In order to reduce the risk of major system problems, redundancy is an important consideration in designing SANs. A SAN should have at least two separate fabrics (cabling, hubs and switches), redundant HBAs in each server, and fail-over and/or load balancing software on the servers for the HBAs.

Redundant Array of Independent Disks
Redundant Array of Independent Disks (RAID) configurations are often incorporated into SANs. RAID refers to multiple individual physical hard drives that are combined to form one bigger drive, known as a RAID set. The RAID set represents all the smaller physical drives as one logical disk to the server. The logical drive is a Logical Unit Number (LUN). RAID configurations typically use many small capacity disks to store large amounts of data in order to provide increased reliability and redundancy. RAID is another form of DASD. It offers improved performance because the server has more disks to read from when data is accessed. Availability is increased because the RAID controller can recreate lost data from a failed drive by using parity information from the surviving disks, which is created when the data is initially written to the disk. Management can use a variety of different storage techniques (RAID types) to achieve different levels of redundancy, error recovery, and performance.

Network Attached Storage
Another concept in data storage is Network Attached Storage (NAS). NAS enables server connections and the movement of data between servers over a standard Internet Protocol network. A NAS usually resides on a LAN, while a SAN is its own network. Institutions can use NAS as primary or secondary storage within a network. The strength of NAS is its ease of installation as another node on the network. However, introducing an additional network node may reduce performance. An alternative approach to NAS uses Internet Small Computer Storage Interface (iSCSI) protocol, which connects servers to storage devices using a standard TCP/IP network adapter. iSCSI encapsulates standard SCSI storage blocks into the IP protocol, allowing the transmission of block-based SCSI data to storage devices using a standard IP network. The advantages of iSCSI include ease of deployment, the ability to leverage existing knowledge of IP networking, and reduced cost as opposed to a Fibre Channel SAN.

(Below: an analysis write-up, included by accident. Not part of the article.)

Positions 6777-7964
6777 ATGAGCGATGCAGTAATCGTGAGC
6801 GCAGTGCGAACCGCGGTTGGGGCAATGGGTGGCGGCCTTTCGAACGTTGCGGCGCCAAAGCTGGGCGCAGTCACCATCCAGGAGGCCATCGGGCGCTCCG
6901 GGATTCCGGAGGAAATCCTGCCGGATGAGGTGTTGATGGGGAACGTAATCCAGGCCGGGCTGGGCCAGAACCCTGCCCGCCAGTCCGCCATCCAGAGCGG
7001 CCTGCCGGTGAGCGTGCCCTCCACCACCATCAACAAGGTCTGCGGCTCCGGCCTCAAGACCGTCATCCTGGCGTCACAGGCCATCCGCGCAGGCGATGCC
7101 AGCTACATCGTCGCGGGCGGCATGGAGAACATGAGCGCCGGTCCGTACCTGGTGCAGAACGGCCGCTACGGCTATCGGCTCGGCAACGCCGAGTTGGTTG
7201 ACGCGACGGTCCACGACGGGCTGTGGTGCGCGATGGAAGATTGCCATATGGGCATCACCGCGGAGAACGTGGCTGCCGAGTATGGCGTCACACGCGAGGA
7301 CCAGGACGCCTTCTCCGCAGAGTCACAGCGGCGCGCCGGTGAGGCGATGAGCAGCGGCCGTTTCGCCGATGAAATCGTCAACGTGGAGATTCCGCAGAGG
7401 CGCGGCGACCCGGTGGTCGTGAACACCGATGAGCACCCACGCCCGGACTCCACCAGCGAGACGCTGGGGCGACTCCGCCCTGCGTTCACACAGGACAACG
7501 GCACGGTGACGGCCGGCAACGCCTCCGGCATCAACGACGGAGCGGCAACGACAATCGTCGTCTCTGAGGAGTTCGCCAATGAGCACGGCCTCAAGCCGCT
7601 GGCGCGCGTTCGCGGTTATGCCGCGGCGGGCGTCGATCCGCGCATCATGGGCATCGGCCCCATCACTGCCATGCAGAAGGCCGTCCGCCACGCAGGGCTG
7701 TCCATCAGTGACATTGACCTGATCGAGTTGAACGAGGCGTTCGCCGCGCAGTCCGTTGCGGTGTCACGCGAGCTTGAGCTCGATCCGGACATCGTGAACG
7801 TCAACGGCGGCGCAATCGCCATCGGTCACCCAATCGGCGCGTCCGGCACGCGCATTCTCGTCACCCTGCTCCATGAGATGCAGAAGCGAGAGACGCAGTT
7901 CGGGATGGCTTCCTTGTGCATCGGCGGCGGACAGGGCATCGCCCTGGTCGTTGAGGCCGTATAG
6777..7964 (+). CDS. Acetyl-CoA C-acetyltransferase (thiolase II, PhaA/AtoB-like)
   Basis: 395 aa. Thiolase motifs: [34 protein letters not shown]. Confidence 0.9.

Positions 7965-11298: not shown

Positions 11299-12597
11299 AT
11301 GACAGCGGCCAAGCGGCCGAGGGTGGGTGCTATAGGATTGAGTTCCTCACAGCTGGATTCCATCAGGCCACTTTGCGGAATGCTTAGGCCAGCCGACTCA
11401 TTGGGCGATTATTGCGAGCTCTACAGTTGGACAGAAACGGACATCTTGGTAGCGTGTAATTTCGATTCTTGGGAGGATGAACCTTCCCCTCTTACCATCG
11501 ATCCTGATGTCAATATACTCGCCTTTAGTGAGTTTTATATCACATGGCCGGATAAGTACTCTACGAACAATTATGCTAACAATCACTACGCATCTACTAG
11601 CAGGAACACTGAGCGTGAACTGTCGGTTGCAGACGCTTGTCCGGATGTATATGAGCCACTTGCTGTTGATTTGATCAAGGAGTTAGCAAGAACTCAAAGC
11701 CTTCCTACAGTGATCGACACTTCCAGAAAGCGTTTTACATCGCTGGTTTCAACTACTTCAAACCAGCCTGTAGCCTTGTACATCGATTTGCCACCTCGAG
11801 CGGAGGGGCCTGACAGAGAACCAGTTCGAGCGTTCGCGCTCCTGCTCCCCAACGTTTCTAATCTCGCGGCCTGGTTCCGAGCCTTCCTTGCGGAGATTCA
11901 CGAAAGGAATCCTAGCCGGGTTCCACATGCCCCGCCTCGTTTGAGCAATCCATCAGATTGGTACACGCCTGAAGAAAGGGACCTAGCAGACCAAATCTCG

Storage Virtualization
As large institutions wrestle with growing volumes of data, the concept of storage virtualization is gaining prominence. Storage virtualization takes many different physical storage networks and devices and makes them appear as one entity. This offers institutions the ability to centralize and streamline storage services, thereby providing an efficient means of managing enterprise-wide storage across multiple platforms. Storage virtualization adds additional staff efficiencies by allowing fewer people the ability to manage more data. Storage virtualization is merely a part of the network virtualization concept, in which storage and computing capacity are centralized into a single virtual location so that processing capacity and other network administration tasks can be managed more effectively.




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Appendix C: Item Processing